28 November 2008 16:44 [Source: ICIS news]
LONDON (ICIS news)--The European Chemicals Agency (ECHA) has not had to resort to its Reach pre-registration fall-back plan yet but said late on Friday that it was prepared to launch the system on 1 December if needed. (Details can be found on this web site)
The final pre-registrations under the EU’s new chemicals control scheme are pouring in - 2,000 bulk pre-registrations were in the system earlier on Friday. Each could hold as many as 500 separate substance or legal entity pre-registrations.
The number of pre-registrations has topped 2m for 50,000 substances - at the outset the EU was expecting something like 200,000 pre-registrations for 30,000 chemicals.
Reach, the registration, evaluation and authorisation of chemicals scheme, is a behemoth that few in the EU legislature could have imagined.
The pre-registration system - which has been in operations since late June - has struggled under the weight of use. Even the world’s largest chemical company, BASF, said this week that it was having difficulties in the run-up to the 1 December pre-registration deadline.
Companies do not simply have to register substances under Reach. Each of their legal entities operating in or importing into the EU have to have their product base covered by the new rules.
For a large company with many legally separate operations this can be particularly burdensome.
The focus for the past few months, at least as far as Reach is concerned, has been on the difficulties companies have faced in trying to pre-register often large product portfolios.
The Reach IT system was not in operation for the first weeks of the six month pre-registration period.
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Reach IT capacities have been increased significantly, the ECHA says, but its own data give some idea of just how overloaded the system has become.
It has a fallback system that would allow registrants to contact the ECHA with their submissions without having to use Reach IT, but it has not been put into operation yet.
The ECHA cannot move the 1 December deadline as it is enshrined in law. So companies wishing to report cannot do anything other than continue to try to do so. They are going to have to work hard to meet their legal obligations.
But the sector and downstream users of chemicals should not be too focused on this first phase of Reach.
An ongoing series of deadlines will see the EU’s new system of chemicals control really come into its own.
'No registration, no market' applies to any seller or maker of chemicals in the EU. From the start of next month the more important registration phase of Reach begins for products produced or sold in volumes of more than 1,000 tonnes.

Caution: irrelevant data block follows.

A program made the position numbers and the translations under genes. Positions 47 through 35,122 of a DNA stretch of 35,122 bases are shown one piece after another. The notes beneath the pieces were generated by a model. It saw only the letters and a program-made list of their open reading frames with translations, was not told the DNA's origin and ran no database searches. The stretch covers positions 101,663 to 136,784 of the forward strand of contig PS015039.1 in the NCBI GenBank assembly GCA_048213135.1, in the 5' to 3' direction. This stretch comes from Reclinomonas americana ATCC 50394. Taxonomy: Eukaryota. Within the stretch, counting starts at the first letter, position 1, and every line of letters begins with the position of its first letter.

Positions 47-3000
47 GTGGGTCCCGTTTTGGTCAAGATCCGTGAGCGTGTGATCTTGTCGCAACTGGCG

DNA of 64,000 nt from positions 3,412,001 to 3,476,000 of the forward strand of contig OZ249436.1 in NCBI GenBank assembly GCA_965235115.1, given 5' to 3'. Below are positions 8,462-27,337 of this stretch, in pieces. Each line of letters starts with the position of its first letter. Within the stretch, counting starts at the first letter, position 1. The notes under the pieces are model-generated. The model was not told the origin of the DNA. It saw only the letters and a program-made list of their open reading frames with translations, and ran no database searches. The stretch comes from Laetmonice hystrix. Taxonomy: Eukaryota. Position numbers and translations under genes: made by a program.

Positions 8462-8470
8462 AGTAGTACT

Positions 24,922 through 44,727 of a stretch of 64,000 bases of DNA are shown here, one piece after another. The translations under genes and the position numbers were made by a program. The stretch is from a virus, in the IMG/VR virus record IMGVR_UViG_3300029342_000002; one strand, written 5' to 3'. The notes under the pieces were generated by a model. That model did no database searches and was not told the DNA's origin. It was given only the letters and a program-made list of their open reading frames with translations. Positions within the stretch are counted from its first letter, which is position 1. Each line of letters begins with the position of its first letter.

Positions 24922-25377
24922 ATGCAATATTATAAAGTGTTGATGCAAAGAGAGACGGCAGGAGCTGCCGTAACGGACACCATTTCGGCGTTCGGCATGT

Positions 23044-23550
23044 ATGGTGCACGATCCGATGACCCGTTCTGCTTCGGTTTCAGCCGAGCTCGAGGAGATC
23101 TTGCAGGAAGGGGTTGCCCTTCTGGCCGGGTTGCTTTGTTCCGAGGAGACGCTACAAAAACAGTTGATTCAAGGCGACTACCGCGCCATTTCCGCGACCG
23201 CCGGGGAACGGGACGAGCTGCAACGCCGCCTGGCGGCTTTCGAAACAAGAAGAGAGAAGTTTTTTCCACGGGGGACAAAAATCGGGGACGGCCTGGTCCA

Over a two-year period, registration dossiers will be prepared on many chemicals, by large and small groups of producers and others.
Overall this will be a costly process involving registration fees paid to the ECHA, administration, general scientific and toxicology work. Companies will share some data, but not others, and confidentiality at this stage becomes a critical issue.
Simply the fees and charges paid to the ECHA per registration could be as high as €30,000. Following registration comes the evaluation phase of Reach which potentially might involve toxicological testing, including animal testing, on a large scale.
The cost of Reach to chemicals firms will rack up to about €4bn, of which €3bn will be for experimental and toxicological studies, BASF believes.
The chemicals giant expects its Reach costs to peak around 2013 but is seeking to keep those costs down by using whatever expertise it can tap into to derive toxicological data.
For Reach participants the next stages are potentially the most difficult to implement and the most costly.
Pre-registration has been popular, if that is a word that can be applied to this particularly onerous and frustrating process, because it is cheap.
From now on Reach becomes much more costly and more difficult to navigate.
Companies will need advice and ideas on how best to streamline registration processes - through the substance information exchange forums (SIEFs) themselves - and how best to minimise the burdens of toxicological testing.
The Reach process has not been easy to understand or employ to date but is about to get a great deal more difficult.
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